Two Ambassadors: Bob Hope and Ernie Pyle

The war correspondent and the entertainer shared a mission to connect with those in service during World War II.  

When war correspondent Ernie Pyle and comedian Bob Hope crossed paths in the still-active war zone of Sicily in August 1943, it was a meeting of two men fiercely devoted to America’s fighting forces. Pyle had covered the war since the early days of the Blitz when he wrote from London about a city “ringed and stabbed with fire.” Hope, a famous radio personality and film star, had been driven to perform for troops since meeting his first military audiences at March Field in California in May 1941. Both Pyle and Hope saw it as their mission to connect with those in service. 

Hope used his energy, talents, and connections to bring a talented troupe directly to the battle zones, entertaining troops as they prepared to go into combat or as they returned. Bringing a bit of home to the boys—“This is what you’re fighting for,” he would famously proclaim as lovely young dancer Patty Thomas appeared on stage—Hope was often referred to as a “Home Front ambassador.” Pyle was every bit the envoy. Throughout the war, he embedded himself with troops, often infantrymen, endearing him to America’s fighting forces. His newspaper column with notes from the field was carried by over 700 American papers. Weekly, he was able to share glimpses of the war with anxious families on the Home Front, desperate to hear from and about their loved ones serving overseas. 

By August 1943, Pyle had followed alongside American troops as a correspondent for nearly six months. He was with troops from the Third Infantry Division when “Hope’s Gypsies,” Bob Hope’s traveling troupe, passed through. Over a couple of days, Hope and Pyle connected and experienced life in a combat zone. In the column “Bob Hope Visit is Tonic to Troops” that appeared September 16, 1943, Pyle wrote, “I was in two different cities with them during these raids and I will testify they were horrifying raids. It isn’t often that a bomb falls so close that you can hear it whistle. But when you can hear a whole stack of them whistle at once, then it’s time to get weak all over and start sweating. The Hope troupe can now describe that ghastly sound.” 

“I was all for giving the troops a little touch of America through those movie stars, and I can testify that the boys enjoyed and appreciated it.”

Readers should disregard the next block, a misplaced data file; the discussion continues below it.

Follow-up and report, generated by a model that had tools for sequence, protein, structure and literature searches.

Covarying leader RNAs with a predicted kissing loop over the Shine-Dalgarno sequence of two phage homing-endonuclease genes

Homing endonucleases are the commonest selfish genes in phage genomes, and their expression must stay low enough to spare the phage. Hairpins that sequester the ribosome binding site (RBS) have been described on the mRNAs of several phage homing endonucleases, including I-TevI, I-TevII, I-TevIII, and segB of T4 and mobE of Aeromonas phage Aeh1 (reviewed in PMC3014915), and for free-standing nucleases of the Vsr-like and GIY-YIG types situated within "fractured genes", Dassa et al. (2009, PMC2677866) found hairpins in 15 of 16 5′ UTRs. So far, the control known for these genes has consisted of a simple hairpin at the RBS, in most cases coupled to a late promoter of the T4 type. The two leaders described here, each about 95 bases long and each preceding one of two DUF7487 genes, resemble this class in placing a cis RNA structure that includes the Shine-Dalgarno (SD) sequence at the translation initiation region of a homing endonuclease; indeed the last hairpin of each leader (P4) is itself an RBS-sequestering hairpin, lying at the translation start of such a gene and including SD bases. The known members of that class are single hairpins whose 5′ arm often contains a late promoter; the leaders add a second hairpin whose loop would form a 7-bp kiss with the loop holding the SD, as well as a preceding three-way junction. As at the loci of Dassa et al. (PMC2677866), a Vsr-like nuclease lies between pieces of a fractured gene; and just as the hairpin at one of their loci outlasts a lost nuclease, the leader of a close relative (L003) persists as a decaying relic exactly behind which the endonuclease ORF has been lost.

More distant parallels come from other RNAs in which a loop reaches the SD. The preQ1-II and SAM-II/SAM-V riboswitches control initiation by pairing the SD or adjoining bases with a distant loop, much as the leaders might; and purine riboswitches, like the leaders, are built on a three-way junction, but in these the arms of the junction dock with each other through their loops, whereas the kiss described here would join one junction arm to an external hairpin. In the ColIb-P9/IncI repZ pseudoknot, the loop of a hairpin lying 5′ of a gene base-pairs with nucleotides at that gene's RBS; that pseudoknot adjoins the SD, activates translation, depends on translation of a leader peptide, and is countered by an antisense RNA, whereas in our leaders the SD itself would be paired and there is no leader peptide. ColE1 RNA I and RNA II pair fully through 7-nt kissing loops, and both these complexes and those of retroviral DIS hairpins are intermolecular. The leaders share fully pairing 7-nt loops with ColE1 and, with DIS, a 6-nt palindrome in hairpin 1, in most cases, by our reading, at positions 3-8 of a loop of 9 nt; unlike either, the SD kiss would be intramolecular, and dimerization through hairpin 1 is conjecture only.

– Ernie Pyle, "Brave Men," 1943 

After Sicily, Pyle followed along with American forces into Italy and then, eventually Normandy. Pyle’s column about an infantry’s unit’s loss of a beloved commander, “The Death of Captain Waskow,” published in January 1944, became his signature piece. He learned that spring, in late April 1944, he had been awarded the Pulitzer Prize for “distinguished war correspondence” in 1943. 

The two men connected again more than a year later on the California film set of The Story of GI Joe, based on Pyle’s columns. In an inscription on a photograph of the two together on the set, designed to look like the bomb-ravaged Sicily, Pyle teased Hope, “Bob Hope, you bastard—I can’t top you so I’ll just shut up—your Sicilian friend, Ernie Pyle Dec. 20, 1944.”

Pyle continued to serve the fighting man until the end of his life at age 44, when he was killed in action on Ie Shima during the invasion of Okinawa on April 18, 1945. Hope outlived Pyle by 58 years. In those decades, he continued to serve military audiences. Hope died at age 100 in 2003. According to Hope’s daughter, Linda, he kept the autographed photo of Pyle framed in his dressing room.

Top photo: Bob Hope and Ernie Pyle, December 1944. Courtesy of the Bob & Dolores Hope Foundation Collection and World Golf Hall of Fame & Museum.


Kim Guise

Kimberly Guise holds a BA in German and Judaic Studies from the University of Massachusetts Amherst. She also studied at the Universität Freiburg in Germany and holds a masters in Library and Information Science (MLIS) from Louisiana State University. Kim is fluent in German, reads Yiddish, and specializes in the American prisoner-of-war experience in World War II.

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